Three studies have examined using DBT for suicidal adolescents in residential facilities. In a pilot study, Katz et al 13 compared DBT with TAU for 62 suicidal adolescent inpatients. At 1-year follow-up, both groups experienced significant reductions in suicidal ideation, NSSI, and depression. However, compared with those who received TAU, DBT patients had fewer behavioral problems during hospitalization. Sunseri 14 used DBT to treat adolescent females in residential treatment. After DBT was implemented, residents were hospitalized because of NSSI and suicidality for fewer days than before DBT. Trupin et al 15 taught DBT to staff who worked with female adolescent offenders at a juvenile rehabilitation facility. After the staff implemented DBT, the rates of problem behaviors and punishment by staff decreased on 1 unit; there were no behavior or punishment changes on another unit.

Theoretical foundations

Biosocial theory. The problems DBT treats in suicidal adolescents include emotion dysregulation, interpersonal conflict, impulsivity, cognitive dysregulation, and self-dysregulation. 8 The biosocial theory postulates that these problems are the result of the transaction, or reciprocal relationship, between biologic predispositions and an invalidating environment. The biosocial theory suggests 3 biologic characteristics often are found among suicidal adolescents:

  • high emotional sensitivity
  • high extremity in reactions
  • a slow return to baseline after experiencing a surge in affect. 8

Although these characteristics indicate higher emotionality, they are not sufficient to account for suicidal adolescents’ difficulties. Problems arise when individuals with these biologic characteristics are raised in an invalidating environment, where the adolescent does not learn how to regulate emotions. Common characteristics of invalidating environments and their effects on adolescents are described in Table 1 . 8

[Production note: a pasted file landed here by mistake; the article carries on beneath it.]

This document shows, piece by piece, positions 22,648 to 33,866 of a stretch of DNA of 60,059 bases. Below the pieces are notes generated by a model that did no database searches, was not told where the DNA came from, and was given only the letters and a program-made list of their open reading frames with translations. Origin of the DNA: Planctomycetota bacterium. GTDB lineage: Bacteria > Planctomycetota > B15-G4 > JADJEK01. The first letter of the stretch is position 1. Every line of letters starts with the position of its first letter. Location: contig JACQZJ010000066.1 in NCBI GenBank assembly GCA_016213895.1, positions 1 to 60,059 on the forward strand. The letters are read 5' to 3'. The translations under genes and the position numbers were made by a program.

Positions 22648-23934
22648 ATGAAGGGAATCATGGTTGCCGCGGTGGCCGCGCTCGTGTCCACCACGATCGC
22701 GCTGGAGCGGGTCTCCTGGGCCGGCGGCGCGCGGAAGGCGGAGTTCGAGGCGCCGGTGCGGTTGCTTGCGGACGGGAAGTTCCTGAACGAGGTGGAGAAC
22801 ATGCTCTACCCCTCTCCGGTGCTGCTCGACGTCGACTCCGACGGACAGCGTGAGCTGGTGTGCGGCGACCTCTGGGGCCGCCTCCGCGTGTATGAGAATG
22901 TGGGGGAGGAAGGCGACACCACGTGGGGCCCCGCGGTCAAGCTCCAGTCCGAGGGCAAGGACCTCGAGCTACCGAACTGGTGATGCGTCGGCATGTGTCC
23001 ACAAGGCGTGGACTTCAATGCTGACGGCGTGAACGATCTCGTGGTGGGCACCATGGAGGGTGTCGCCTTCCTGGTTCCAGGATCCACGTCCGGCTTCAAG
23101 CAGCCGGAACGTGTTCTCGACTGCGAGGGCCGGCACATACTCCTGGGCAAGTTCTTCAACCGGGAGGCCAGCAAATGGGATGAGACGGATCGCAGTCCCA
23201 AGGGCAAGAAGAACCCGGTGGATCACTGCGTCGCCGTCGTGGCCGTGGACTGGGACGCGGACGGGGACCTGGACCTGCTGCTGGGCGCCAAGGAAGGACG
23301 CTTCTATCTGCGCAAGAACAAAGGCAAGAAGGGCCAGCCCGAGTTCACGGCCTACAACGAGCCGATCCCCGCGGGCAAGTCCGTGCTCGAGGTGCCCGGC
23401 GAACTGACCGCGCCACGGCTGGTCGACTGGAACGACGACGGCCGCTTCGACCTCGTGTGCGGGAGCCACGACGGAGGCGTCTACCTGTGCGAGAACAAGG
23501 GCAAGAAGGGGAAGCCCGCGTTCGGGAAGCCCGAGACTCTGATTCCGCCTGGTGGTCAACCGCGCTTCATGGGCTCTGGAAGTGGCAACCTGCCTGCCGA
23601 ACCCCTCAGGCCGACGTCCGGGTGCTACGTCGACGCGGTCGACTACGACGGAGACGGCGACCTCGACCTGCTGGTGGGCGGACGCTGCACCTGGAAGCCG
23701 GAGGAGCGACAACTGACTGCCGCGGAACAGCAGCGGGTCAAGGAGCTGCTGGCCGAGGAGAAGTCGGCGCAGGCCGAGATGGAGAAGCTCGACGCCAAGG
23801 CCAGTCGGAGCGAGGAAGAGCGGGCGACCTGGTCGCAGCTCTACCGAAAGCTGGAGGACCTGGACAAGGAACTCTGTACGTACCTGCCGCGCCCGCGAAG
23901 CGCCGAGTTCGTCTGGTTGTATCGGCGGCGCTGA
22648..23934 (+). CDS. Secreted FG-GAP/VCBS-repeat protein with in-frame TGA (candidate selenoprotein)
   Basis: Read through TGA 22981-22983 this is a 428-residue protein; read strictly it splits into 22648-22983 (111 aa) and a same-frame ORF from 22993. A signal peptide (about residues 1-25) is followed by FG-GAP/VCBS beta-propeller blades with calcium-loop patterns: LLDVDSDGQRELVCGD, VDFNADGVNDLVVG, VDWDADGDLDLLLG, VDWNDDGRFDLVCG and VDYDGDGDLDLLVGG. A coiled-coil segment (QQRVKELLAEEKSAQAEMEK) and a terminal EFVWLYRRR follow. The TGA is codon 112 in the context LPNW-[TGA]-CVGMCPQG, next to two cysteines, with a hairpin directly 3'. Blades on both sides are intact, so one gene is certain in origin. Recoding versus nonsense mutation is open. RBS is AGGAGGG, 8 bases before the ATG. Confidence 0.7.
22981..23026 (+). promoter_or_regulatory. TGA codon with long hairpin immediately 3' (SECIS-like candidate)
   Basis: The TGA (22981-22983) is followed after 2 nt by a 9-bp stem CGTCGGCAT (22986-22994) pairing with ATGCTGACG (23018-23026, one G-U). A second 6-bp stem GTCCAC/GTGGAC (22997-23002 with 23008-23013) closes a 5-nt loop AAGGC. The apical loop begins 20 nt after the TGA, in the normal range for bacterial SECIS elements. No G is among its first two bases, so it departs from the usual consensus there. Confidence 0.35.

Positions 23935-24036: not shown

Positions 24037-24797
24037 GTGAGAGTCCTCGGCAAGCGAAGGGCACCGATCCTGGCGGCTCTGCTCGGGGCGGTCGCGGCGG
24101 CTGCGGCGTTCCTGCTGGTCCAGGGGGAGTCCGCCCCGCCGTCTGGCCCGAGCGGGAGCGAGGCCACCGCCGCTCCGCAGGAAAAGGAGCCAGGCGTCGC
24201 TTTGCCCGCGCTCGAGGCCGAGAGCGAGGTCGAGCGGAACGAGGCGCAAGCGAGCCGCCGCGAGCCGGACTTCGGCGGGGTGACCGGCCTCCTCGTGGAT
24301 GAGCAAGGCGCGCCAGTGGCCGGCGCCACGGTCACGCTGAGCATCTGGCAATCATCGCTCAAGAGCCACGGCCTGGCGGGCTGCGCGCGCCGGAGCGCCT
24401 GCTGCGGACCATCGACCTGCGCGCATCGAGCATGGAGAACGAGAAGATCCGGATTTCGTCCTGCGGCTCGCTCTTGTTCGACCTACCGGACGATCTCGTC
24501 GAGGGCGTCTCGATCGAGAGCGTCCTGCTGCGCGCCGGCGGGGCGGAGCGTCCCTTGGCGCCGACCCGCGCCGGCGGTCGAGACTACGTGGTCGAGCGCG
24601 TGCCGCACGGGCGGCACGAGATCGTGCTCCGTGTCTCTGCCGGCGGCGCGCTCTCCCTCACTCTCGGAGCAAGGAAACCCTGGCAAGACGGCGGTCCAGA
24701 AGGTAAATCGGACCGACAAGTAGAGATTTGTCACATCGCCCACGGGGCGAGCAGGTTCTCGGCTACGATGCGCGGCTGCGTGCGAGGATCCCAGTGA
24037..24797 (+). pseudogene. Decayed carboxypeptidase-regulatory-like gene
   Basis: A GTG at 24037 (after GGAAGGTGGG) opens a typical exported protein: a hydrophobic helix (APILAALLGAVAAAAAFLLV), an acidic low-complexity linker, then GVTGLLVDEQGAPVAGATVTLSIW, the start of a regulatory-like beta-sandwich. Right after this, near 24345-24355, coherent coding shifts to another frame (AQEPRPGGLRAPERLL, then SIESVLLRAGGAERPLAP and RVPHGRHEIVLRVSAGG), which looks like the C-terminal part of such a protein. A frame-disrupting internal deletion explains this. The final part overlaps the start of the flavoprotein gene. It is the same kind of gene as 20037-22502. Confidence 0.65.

Treatment theory. DBT for suicidal adolescents focuses on a synthesis between 2 seemingly opposite treatment strategies: change and acceptance. The change focus is derived from behavioral science, and treatment incorporates standard behavior therapy practices, including chain analysis (described below), skills training, contingency management, and exposure.

The acceptance focus draws upon principles of Zen and other Eastern spiritual traditions. Therapists teach patients to accept reality as it is in this moment, without judgment. A key extension of this acceptance is the use of validation—radical acceptance and acknowledgement that all behavior has validity and understandability. DBT therapists strive to use 6 levels of validation with their patients ( Table 2 ), 16 which often is a critical strategy for adolescents who reside in an invalidating environment.

DBT attempts to synthesize the acceptance-based Zen tradition with the change-based strategies of behavioral science through a dialectical philosophy. A fundamental postulate of dialectical philosophy is that a tension occurs when an initial truth or thesis is opposed by an apparently contradictory truth or antithesis. 8 DBT therapists work with adolescents to find a synthesis that is the “middle path, “ which includes the truth in both positions as well as what is left out of both. For an example of how this might work for an adolescent patient with NSSI, visit this article at

Table 1